ARTIFICIAL CONTRACEPTION STILL BANNED BY THE CATHOLIC CHURCH.
WHAT A PITTY AND A MISSED OPPORTUNITY.
POPE FRANCIS’ REAFFIRMS IN “AMORIS LAETITIA”
THE BAN ON CONTRACEPTION BY THE CATHOLIC CHURCH.
On April 8th Vatican released the long awaited publication by Pope Francis “Amoris Laetitia” (The Joy of Love). This very lengthy and comprehensive document deals with the many issues facing the family. There are many beautiful passages in it about a large number of issues. Many catholics around the world will be pleased to read about the Pope’s (Church’s) much more open and progressive views of such issues as divorce and homosexuality amongst many other issues. But in fact nothing has changed.
In this document the Pope reaffirms the position of the Roman Catholic Church regarding the use of artificial methods of contraception. This statement is certainly very disappointing to many catholics and to catholic medical care givers.
Only natural methods of family planning, the so called “fertility awareness methods” are condoned by the Catholic Church. That is just fine for motivated and somewhat educated couples, with some access to medical care and teaching; also this approach works best if the women has regular menstrual cycles. Medical advances have made these methods more sophisticated and precise than the original method, based on just counting the days of the menstrual cycle and abstaining from intercourse on the so called fertile days. Under ideal circumstances these natural methods have a high success and low failure rate, equal or better than some artificial methods. And many couples who use it are very satisfied with it, even though they still require a considerable amount of effort.
Under less than ideal circumstances however, these natural methods have a high and unacceptable failure rate. This is true in our own country but especially in developing countries and areas (like refugee camps) where people live in squalor, lack food and most basic living needs, have no or inadequate medical care, and women often have very irregular or absent menstrual cycles, so that the natural methods of family planning become utterly impractical. Yet the Catholic Church insists that only these natural methods are acceptable.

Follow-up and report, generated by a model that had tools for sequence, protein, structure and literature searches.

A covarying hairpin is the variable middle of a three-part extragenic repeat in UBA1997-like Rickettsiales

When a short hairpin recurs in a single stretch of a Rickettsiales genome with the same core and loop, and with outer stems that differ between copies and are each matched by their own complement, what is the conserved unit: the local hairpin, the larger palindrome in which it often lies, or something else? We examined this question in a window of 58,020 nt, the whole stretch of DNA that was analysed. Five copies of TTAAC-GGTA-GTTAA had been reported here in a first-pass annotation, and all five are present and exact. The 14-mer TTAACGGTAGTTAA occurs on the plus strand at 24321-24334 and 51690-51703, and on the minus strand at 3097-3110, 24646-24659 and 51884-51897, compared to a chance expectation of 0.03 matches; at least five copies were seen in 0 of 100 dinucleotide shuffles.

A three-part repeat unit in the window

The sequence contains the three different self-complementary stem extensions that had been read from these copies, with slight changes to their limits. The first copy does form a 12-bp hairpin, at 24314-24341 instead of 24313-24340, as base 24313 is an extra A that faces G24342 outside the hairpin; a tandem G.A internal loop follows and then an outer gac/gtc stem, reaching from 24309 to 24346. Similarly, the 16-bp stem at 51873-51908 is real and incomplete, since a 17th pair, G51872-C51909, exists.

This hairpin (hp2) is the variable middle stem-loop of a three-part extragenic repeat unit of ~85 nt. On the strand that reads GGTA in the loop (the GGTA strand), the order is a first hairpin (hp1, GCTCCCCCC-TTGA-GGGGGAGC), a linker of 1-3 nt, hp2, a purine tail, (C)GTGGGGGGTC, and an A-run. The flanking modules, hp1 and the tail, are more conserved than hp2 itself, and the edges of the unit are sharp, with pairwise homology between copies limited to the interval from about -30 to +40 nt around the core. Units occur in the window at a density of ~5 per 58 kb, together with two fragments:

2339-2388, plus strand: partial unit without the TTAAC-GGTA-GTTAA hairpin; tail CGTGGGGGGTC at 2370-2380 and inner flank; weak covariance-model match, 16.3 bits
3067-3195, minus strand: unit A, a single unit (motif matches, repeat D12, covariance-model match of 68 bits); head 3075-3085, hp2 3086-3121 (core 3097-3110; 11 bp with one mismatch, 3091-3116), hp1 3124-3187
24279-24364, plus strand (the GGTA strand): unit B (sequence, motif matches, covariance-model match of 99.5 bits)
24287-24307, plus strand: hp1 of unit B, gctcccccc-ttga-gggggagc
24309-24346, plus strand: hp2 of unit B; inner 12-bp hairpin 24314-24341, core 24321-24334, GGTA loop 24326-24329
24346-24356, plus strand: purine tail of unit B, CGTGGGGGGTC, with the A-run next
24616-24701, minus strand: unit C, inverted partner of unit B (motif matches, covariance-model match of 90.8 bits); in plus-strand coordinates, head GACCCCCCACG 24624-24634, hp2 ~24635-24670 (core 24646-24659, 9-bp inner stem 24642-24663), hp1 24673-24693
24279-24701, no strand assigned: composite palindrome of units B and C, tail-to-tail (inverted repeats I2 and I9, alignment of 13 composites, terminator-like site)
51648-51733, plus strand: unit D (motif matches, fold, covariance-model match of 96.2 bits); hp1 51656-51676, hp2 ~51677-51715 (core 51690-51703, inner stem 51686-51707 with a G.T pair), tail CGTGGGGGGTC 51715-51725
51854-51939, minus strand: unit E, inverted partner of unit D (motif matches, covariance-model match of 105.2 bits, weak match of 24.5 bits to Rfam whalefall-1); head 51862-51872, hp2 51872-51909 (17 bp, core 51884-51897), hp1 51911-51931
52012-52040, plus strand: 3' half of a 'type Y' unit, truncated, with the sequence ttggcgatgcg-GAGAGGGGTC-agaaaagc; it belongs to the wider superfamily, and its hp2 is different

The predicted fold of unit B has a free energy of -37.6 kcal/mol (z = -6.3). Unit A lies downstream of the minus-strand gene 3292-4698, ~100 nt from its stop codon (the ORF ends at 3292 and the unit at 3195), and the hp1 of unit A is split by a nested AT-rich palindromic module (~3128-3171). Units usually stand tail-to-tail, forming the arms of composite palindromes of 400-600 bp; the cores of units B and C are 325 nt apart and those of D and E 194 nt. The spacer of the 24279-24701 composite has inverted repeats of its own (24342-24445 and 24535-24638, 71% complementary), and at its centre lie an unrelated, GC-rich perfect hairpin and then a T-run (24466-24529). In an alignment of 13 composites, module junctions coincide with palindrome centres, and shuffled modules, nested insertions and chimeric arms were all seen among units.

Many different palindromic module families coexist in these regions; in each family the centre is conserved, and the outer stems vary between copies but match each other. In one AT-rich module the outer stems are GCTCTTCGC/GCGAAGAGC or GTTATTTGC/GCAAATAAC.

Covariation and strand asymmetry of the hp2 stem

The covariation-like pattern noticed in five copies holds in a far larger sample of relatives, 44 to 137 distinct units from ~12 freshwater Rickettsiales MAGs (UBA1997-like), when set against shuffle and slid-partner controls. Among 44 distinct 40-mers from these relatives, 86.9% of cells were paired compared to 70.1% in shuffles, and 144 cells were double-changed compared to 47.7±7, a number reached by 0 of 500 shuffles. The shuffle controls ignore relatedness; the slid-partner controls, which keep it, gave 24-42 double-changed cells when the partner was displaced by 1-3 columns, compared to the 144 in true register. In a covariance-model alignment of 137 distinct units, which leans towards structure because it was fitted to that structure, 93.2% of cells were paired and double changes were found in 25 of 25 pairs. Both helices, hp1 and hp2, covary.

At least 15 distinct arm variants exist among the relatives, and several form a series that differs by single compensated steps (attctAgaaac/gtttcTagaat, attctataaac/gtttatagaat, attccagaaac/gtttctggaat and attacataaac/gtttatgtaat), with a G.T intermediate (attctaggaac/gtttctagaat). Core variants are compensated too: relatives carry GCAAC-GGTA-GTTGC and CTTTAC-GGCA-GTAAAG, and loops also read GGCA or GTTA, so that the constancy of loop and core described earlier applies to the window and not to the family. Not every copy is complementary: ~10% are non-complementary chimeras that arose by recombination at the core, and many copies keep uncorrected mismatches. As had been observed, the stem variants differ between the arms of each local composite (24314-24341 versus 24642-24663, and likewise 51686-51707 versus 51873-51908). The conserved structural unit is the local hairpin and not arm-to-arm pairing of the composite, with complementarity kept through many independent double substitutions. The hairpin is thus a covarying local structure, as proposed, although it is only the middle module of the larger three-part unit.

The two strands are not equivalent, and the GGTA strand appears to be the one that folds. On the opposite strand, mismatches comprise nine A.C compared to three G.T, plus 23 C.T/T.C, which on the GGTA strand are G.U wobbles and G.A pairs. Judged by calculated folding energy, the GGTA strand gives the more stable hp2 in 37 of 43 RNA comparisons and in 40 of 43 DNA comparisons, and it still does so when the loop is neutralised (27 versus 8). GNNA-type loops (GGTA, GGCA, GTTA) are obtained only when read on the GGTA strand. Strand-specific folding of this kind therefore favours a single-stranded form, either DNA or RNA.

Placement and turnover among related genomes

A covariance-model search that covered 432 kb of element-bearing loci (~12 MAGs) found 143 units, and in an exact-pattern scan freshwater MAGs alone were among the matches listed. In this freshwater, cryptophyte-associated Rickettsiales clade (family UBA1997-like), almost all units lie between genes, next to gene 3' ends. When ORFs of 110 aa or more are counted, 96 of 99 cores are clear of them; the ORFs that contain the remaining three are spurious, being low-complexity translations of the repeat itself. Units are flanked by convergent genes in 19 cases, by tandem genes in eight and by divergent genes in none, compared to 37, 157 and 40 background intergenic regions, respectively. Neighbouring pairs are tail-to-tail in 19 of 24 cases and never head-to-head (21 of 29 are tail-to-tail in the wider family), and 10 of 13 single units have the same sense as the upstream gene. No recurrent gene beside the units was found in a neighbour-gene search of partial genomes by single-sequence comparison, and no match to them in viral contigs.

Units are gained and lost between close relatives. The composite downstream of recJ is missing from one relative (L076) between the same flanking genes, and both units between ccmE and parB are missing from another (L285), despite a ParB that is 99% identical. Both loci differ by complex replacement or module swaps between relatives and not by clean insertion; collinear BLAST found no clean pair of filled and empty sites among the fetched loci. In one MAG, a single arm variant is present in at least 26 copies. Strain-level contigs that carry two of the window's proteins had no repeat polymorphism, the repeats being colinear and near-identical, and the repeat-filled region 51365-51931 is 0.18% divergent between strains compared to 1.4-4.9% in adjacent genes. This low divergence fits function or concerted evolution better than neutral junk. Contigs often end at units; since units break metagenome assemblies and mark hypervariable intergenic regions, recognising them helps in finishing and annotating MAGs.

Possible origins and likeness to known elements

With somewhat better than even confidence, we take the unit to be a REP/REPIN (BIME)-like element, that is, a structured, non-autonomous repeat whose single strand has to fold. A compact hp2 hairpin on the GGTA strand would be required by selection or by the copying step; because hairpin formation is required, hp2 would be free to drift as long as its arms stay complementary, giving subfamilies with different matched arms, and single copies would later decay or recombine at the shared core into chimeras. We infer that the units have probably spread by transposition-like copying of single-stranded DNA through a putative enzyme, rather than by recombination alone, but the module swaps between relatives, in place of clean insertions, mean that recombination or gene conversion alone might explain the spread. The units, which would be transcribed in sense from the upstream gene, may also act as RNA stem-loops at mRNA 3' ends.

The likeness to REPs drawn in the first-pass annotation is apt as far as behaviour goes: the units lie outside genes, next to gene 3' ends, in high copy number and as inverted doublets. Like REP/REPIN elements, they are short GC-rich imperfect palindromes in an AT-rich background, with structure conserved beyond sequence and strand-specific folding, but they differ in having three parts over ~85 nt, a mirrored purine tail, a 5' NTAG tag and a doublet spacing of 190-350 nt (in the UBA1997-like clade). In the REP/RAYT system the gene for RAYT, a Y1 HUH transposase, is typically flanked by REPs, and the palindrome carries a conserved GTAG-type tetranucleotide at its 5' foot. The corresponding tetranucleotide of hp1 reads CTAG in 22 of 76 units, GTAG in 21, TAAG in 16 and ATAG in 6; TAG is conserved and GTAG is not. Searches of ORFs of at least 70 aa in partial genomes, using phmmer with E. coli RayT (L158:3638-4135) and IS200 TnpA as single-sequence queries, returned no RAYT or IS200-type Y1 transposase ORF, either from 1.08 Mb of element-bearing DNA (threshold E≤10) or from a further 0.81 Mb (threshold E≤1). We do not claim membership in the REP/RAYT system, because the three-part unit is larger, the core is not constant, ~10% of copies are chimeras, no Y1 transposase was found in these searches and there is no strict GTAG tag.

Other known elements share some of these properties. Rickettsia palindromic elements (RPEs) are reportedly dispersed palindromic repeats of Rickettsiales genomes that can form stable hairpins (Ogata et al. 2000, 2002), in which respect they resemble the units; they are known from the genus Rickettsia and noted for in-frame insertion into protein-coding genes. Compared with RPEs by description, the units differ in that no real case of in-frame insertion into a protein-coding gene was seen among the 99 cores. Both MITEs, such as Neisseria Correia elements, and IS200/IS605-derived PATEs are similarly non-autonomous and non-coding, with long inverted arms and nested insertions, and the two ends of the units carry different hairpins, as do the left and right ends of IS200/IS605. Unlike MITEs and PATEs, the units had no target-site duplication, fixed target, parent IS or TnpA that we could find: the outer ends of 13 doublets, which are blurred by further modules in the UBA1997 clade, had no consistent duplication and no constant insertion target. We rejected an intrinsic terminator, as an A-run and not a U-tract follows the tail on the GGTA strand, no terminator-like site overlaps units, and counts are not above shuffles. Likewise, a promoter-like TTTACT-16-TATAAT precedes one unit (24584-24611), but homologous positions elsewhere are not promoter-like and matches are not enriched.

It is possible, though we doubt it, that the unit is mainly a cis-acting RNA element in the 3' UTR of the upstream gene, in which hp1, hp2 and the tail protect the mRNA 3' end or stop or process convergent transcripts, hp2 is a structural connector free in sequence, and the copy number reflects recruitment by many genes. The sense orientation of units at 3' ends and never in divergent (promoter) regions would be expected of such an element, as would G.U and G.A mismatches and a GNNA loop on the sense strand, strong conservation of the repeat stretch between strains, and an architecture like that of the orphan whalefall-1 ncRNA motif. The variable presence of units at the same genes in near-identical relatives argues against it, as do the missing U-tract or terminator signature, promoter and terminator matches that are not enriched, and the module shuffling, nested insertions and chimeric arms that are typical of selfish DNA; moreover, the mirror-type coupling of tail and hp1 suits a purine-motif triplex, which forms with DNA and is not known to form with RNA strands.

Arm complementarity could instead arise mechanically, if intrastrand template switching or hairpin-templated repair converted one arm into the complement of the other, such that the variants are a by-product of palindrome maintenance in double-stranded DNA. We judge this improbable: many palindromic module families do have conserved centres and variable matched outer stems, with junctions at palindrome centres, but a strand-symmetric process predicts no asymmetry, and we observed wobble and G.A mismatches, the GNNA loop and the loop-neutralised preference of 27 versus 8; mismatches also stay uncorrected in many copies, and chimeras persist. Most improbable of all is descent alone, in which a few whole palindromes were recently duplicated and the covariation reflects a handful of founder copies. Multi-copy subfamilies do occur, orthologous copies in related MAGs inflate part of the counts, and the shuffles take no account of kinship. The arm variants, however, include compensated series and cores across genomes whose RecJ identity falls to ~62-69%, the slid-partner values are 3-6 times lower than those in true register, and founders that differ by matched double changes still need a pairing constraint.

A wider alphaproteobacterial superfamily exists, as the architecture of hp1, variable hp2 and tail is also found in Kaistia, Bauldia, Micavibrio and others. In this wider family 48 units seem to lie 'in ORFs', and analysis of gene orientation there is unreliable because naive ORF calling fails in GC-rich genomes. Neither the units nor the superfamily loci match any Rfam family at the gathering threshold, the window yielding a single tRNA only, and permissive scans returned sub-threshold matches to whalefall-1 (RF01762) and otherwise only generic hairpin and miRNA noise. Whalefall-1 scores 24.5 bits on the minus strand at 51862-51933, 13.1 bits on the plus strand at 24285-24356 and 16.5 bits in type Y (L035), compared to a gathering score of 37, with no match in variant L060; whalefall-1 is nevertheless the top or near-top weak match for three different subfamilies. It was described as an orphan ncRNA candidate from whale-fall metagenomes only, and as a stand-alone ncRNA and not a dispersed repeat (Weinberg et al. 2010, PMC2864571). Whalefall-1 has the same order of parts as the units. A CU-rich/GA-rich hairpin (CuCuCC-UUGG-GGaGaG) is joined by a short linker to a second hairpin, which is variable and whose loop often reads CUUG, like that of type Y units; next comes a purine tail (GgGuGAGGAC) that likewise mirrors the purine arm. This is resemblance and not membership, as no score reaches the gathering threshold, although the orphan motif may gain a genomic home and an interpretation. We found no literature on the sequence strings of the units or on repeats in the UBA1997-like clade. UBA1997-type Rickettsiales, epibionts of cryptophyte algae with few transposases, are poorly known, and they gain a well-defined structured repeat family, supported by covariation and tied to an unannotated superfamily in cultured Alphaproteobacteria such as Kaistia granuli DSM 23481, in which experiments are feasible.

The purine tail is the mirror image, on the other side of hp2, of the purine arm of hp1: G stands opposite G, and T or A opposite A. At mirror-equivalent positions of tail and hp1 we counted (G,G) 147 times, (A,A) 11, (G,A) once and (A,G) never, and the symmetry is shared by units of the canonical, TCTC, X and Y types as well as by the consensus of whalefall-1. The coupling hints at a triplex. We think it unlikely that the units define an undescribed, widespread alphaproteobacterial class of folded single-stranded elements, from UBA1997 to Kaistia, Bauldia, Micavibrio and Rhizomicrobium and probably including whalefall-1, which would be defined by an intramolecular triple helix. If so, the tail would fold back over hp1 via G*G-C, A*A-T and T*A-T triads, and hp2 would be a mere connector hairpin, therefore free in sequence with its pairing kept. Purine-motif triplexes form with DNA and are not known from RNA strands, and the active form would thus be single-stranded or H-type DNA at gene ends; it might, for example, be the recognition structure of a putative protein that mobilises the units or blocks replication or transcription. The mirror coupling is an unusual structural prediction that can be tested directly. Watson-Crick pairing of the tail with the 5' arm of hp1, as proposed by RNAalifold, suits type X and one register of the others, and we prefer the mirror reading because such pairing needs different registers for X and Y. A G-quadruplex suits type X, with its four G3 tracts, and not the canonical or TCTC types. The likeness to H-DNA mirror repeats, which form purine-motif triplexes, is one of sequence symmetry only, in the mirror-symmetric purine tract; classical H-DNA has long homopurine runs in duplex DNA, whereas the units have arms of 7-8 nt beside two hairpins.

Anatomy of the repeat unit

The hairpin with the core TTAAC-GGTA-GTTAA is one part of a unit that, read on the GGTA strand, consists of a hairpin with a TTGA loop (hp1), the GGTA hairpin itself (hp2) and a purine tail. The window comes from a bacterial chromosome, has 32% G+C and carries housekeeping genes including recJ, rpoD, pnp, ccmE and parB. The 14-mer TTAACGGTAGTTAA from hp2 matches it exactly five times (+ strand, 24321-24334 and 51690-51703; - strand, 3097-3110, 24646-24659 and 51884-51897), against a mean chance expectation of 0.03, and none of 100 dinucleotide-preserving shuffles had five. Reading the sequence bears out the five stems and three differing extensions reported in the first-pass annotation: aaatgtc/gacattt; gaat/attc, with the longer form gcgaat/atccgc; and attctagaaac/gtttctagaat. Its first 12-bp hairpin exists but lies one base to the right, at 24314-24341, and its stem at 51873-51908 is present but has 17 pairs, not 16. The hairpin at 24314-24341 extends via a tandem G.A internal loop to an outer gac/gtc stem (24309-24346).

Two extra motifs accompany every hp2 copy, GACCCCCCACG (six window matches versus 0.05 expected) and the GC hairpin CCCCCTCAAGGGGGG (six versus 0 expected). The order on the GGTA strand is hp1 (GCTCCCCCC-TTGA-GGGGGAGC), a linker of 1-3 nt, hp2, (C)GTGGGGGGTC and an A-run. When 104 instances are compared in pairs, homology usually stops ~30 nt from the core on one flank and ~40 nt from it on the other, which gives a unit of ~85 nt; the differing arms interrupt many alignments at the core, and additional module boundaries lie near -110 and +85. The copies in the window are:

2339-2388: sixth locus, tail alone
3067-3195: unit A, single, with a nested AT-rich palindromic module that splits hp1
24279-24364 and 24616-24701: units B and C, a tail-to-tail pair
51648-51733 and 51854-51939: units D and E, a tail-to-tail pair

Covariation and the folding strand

During his return last year from a visit to the Philippines, Pope Francis made the somewhat unexpected statement that catholic families would do well to limit their families to a manageable size. A most welcome recommendation indeed! However, during the same interview Pope Francis again reaffirmed the opposition by the Church to any form of artificial birth control. How then are the people living under less than ideal circumstances as I described above, supposed to adhere to the Pope’s recommendations to limit the seize of their family? The natural methods have a high failure rate under these conditions. It seems to me that the Pope (and the Catholic Church) can not have it both ways and place these people before a very unfair dilemma. Either adhere to the Church’s teaching and attempt to use the natural methods of family planning that are allowed, but in doing so risk an unwanted pregnancy, or ignore the teaching and use the many artificial methods available and in doing so be marginalized by the Church to which they belong. A very large number of professed catholics world-wide are choosing the latter option, and that includes me.
Some of the catholic priests, with whom I have discussed this issue will tell me to ignore the Church’s teaching, follow my conscience, and continue with my practice of prescribing artificial methods of contraception and carrying out permanent sterilization procedures. (I am a gynecologist). That is of course just fine for me, but in the overall picture of things, it makes no sense. If rules, regulation, and laws are such that a vast majority of people, including those in position of authority are ignoring them, is it then not time for the leadership to seriously review and hopefully modify the rules? That, to me and to many of my catholic colleagues and patients, seems only logical. In that sense the recent publication by Pope Francis is certainly most disappointing.
William J. LeMaire MD
Department of Obstetrics and Gynecology
University of Miami Miller School of Medicine